It was the first time that a movie's failure actually did something so devastating. Needless to say, the studios reacted accordingly. In the decades that followed, movies became increasingly "safer" so as not to offend audiences and critics. That's not to say, in the ensuing decades, that there still haven't been other huge failures as well as other exciting movies (like Pulp Fiction). But over time, safeness won over daring. The deary cinematic landscape we live in today is largely due to the failure of Heaven's Gate -- a movie that tried every bit to be as good as The Deer Hunter but wasn't.

Michael Cimino died last week, and his professional trajectory tells us a lot about the culture we live in today. After his once promising career was derailed, Cimino only directed a small number of movies, most of which critics and audiences ignored. This was, and is, a shame. A daring director was largely sidelined because of this (certainly huge) failure and the art of film, I think, suffered as a result.

Movies matter less now because directors are increasingly not the voices of their own films. When was the last time you saw a movie and really felt like you saw art being created? Yes, such film "auteurs" like Quentin Tarantino, Woody Allen, Martin Scorsese, Paul Thomas Anderson, and the Coen Brothers are still making movies - but for how much longer? And when they're gone, who will replace them? I have no idea. There seem to be no young auteurs on the horizon.

When you watch both The Deer Hunter and Heaven's Gate, putting aside both movies' virtues and flaws, what strikes you about them is that these are stories being told by a great directorial voice; that you are watching someone's singular vision spring to life; that these are movies that do what only movies can do best: tell a story through moving images, the director as storyteller. Like a painter using paints and brushes, like a writer using words and a pen, like a sculptor using stones and chisel, this is a director using camera and film to tell a story and imprint an artistic style on your consciousness. Cimino didn't need special effects, he didn't need clever dialogue, he didn't need fancy editing, he didn't need any visual or storytelling tricks - he was amazingly confident in the way that he simply pointed and moved the camera, coreographing his scenes with such skill, that his vision came across so strongly that you were left with an impression that lasted long after these movies were over.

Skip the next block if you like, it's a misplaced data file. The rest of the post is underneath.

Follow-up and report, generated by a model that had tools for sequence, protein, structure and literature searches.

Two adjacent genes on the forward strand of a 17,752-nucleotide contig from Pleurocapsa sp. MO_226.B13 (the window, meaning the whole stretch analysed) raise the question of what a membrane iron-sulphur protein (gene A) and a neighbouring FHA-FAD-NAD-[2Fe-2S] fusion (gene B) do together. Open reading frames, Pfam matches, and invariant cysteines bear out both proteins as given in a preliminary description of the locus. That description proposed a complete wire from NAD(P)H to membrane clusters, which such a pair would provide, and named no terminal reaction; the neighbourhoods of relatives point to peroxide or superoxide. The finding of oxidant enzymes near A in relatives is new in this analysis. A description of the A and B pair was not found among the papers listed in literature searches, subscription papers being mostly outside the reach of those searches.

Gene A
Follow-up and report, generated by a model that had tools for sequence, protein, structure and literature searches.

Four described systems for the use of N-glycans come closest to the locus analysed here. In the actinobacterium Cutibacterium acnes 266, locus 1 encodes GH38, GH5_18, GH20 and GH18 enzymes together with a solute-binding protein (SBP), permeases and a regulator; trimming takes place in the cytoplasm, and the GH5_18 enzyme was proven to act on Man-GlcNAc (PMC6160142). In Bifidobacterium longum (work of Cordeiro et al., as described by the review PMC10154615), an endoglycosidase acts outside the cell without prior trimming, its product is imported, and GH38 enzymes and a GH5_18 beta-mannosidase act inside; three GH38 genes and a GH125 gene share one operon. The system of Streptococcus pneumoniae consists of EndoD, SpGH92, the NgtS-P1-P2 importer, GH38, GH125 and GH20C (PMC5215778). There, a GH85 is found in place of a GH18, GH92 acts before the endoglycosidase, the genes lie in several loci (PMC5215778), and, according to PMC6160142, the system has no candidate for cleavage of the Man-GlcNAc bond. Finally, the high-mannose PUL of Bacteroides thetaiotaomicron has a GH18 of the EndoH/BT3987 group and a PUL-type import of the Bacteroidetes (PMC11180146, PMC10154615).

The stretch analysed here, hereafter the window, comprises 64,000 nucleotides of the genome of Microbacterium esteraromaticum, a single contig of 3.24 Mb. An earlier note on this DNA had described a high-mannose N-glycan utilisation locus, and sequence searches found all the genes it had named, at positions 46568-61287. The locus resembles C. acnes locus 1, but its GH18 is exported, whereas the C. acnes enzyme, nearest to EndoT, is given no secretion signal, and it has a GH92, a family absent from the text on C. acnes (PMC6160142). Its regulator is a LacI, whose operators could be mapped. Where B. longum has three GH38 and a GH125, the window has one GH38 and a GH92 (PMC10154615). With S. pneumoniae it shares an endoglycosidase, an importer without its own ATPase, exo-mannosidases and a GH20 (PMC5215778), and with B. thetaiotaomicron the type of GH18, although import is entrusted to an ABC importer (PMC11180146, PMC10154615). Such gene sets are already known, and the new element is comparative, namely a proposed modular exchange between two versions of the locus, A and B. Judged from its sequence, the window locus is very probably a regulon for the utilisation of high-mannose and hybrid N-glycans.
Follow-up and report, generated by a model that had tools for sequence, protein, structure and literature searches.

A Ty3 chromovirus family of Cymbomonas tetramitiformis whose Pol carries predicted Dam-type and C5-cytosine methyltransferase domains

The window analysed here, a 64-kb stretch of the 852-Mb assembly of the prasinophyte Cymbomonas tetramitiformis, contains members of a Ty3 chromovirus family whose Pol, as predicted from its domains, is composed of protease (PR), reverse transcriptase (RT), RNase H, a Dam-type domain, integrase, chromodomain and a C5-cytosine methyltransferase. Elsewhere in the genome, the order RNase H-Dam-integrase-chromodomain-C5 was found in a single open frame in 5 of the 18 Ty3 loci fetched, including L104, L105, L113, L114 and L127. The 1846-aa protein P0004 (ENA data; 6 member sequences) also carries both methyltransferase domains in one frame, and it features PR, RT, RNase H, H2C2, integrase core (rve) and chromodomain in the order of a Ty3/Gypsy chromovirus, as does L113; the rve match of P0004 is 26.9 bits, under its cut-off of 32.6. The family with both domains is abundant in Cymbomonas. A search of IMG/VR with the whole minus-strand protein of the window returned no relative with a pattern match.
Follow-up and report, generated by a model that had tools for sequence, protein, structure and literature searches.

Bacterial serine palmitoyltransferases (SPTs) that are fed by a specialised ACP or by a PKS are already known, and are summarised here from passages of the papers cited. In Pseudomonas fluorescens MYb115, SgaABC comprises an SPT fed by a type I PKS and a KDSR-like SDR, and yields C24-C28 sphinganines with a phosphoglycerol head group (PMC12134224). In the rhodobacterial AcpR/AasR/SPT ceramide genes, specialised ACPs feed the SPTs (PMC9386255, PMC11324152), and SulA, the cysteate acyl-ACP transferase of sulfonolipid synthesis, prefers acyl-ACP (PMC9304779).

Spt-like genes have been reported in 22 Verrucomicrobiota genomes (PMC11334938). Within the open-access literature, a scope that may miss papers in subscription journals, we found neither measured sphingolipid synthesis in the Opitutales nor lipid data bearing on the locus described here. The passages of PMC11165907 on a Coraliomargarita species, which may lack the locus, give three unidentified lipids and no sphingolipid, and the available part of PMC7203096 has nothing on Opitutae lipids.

Having seen both films, I remember them - the storytelling is unconventional, the performances are bold, the camera work is thrilling and confident, a master clearly at work. Ask yourself this: when was the last time you saw movie where you felt like this? Probably a long time.

And as good as television is these days, it will never have the cinematic visual power of the movies. Television is still mostly a writer's medium with the director serving as the writer's handmaiden. That's fine! But movies are first and last a director's medium, and they are at their most powerful when the director's voice rings loudly.

In many ways, Cimino both exemplified everything that used to be great about movie making and was also indirectly responsible for its decline. His ego, apparently, got in the way of his work. But now that he has passed on, it's important to remember that filmmakers like him used to reign supreme in our culture and that hopefully, one day, movies will live again.

PS. You must read Final Cut by Steven Bach, generally considered the best book ever written about the movie business, which chronicles the turbulent history of Heaven's Gate. It paints Cimino in a very unflattering light but, after reading it, you'll understand how movies are what they are today. You can find the documentary based on the book at

PPS. Cimino was a New Yorker, originally from Long Island, but he got his start working in advertising in NYC in the Mad Men era of the 1960s.